It’s at this time that you may experience “after drop” which is more dangerous and one of the reasons why when you enter the med tent they want to monitor you as you’re in there. If it is your intention to go back out and race again, you’re then asking a now compromised cold defense system to kick back fully.

In the past, Tough Mudder and their medical staff has forced you out of the warming tent after 30 minutes. The reality is if it takes you longer than 30 minutes to get warm you probably shouldn’t be racing anymore anyway. However, if you’re not going to head back out you’re going to face an uphill battle to stave off hypothermia.

When your body sees you as constantly attacked it holds up his defense. If you let your mind get the best of you and you head into the rewarming tent for longer than a cup of Joe then you are becoming our own worst enemy. You are now of weak mind and weak body trying to head back out into a hostile environment. The last thing I would want in a firefight is to go out there half-cocked. This year TMHQ and their Med staff has decided not to remove you from the medical tent and they’ve even doubled down by possibly putting a rewarming tent out with Coach Kyle on course?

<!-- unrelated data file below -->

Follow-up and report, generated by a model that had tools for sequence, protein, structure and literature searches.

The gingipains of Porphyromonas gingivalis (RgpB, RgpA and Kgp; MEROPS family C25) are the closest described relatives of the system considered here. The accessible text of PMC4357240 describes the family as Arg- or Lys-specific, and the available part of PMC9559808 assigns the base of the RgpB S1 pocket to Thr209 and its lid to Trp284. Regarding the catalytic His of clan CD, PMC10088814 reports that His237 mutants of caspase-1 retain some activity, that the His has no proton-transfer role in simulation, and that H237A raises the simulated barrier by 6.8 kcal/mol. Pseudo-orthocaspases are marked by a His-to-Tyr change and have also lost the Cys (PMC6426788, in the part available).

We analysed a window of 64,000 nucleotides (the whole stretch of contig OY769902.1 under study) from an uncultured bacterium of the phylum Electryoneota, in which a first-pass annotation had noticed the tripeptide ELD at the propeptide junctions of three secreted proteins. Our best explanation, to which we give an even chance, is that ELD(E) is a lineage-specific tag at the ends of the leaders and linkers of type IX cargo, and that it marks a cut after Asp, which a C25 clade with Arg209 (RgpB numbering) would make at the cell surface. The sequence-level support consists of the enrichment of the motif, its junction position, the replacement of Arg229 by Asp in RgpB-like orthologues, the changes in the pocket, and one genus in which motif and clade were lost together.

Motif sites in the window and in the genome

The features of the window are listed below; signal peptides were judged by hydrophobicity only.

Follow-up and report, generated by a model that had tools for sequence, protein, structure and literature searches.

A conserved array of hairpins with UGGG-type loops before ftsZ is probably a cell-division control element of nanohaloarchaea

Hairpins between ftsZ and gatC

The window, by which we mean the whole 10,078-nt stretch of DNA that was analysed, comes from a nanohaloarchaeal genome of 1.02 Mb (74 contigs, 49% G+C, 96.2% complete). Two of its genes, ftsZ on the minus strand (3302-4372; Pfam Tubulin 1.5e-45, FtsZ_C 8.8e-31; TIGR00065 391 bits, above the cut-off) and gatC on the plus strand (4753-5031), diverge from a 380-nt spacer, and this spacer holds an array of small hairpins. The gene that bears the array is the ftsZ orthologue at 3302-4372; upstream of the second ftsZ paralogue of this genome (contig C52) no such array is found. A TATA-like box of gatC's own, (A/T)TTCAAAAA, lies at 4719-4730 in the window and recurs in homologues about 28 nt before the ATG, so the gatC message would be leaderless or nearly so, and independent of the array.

It’s my guess this will be placed by The Stacks to get a crowd out there. I recommend that athletes stay out of this area other than to grab food because as stated above you are only going to compound your problems if we have cold temperatures like last year. I remember these on course warming stations back in New Jersey. Walking into one of those was like walking into a tent in Europe during World War I. The racers looked like zombies! I would drink my hot chicken broth, pour a couple cups on my shoes and in my gloves, grab a couple bags of Sharkies and get the hell out of there. You see, as you sit your body temperature drops and in a warmer environment as stated you’re cooling defense decreases resulting in a whole world of shit, but I digress.

World's Toughest Mudder Atlanta